Angels in the Dumpster
Inside the pillared library a gaggle
of students are penning purple epics
about angels. When they have spent all their
metaphors, depleted their bandoleers
of profundities, each reads to the group
what they have wrought. Everyone murmurs Yes.
good. That is so cool. Meanwhile outside, city crews,
preparing for winter, swing long rods, knock
seed pods from the well-trimmed trees, raking them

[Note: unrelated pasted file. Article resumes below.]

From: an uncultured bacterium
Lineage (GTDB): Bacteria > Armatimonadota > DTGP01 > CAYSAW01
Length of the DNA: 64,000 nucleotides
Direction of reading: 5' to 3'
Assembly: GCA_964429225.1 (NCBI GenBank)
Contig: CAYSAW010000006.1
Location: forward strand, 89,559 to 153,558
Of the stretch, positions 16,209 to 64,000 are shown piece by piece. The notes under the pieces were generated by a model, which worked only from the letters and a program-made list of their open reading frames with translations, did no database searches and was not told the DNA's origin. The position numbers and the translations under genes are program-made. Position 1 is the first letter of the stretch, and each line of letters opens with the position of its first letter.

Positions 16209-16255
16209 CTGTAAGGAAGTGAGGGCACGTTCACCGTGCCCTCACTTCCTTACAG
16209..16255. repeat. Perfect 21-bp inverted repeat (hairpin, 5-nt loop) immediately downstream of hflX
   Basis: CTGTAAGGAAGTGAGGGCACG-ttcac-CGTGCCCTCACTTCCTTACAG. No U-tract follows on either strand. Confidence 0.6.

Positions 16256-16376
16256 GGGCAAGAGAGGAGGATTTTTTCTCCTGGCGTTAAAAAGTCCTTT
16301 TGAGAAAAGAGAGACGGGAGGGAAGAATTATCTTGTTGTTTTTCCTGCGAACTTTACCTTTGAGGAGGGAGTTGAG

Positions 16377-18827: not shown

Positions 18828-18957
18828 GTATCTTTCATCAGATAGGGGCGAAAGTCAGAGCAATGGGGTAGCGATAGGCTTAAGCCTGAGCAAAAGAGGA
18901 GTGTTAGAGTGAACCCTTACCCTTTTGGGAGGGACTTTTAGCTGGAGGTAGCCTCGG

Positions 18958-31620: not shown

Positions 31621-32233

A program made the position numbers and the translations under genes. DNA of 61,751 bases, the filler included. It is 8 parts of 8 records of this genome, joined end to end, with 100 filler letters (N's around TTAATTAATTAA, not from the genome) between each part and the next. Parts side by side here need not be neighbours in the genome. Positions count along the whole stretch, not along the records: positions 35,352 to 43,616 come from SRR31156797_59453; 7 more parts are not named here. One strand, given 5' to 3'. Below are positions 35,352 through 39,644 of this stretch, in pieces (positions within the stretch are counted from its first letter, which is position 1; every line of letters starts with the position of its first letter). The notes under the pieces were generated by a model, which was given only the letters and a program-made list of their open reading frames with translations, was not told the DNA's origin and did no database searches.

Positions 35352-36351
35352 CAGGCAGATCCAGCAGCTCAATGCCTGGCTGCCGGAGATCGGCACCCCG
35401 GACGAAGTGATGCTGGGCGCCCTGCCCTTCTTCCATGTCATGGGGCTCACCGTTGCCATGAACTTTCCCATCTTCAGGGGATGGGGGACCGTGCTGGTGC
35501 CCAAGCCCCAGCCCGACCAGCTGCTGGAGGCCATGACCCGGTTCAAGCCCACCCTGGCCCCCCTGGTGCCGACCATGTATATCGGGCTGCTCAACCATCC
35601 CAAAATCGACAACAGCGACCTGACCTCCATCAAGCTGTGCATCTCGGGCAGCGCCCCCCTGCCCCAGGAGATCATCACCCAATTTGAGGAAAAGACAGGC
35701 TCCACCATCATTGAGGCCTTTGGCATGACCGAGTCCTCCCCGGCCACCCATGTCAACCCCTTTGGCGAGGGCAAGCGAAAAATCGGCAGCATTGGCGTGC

to the dumpsters. The pods hold minute beings,
homunculi with shimmering wings. The pods
puzzle the workmen’s rough fingers. They cock
a chapped ear to unearthly strings in
perfect harmony. It drifts away. Though good men,
they do not succumb to the spiritual.
Back in the library, the poets name their angels,
waiting to be dazzled. At the smoldering dump,
animals forage. When they hear the music,
they chatter wildly. Then the pods burst open
and the little men, singing, rise up, swirling
in the holy sparks. There are no humans here
to kneel. Only small creatures, trembling,
transfixed and glorified by this strangeness.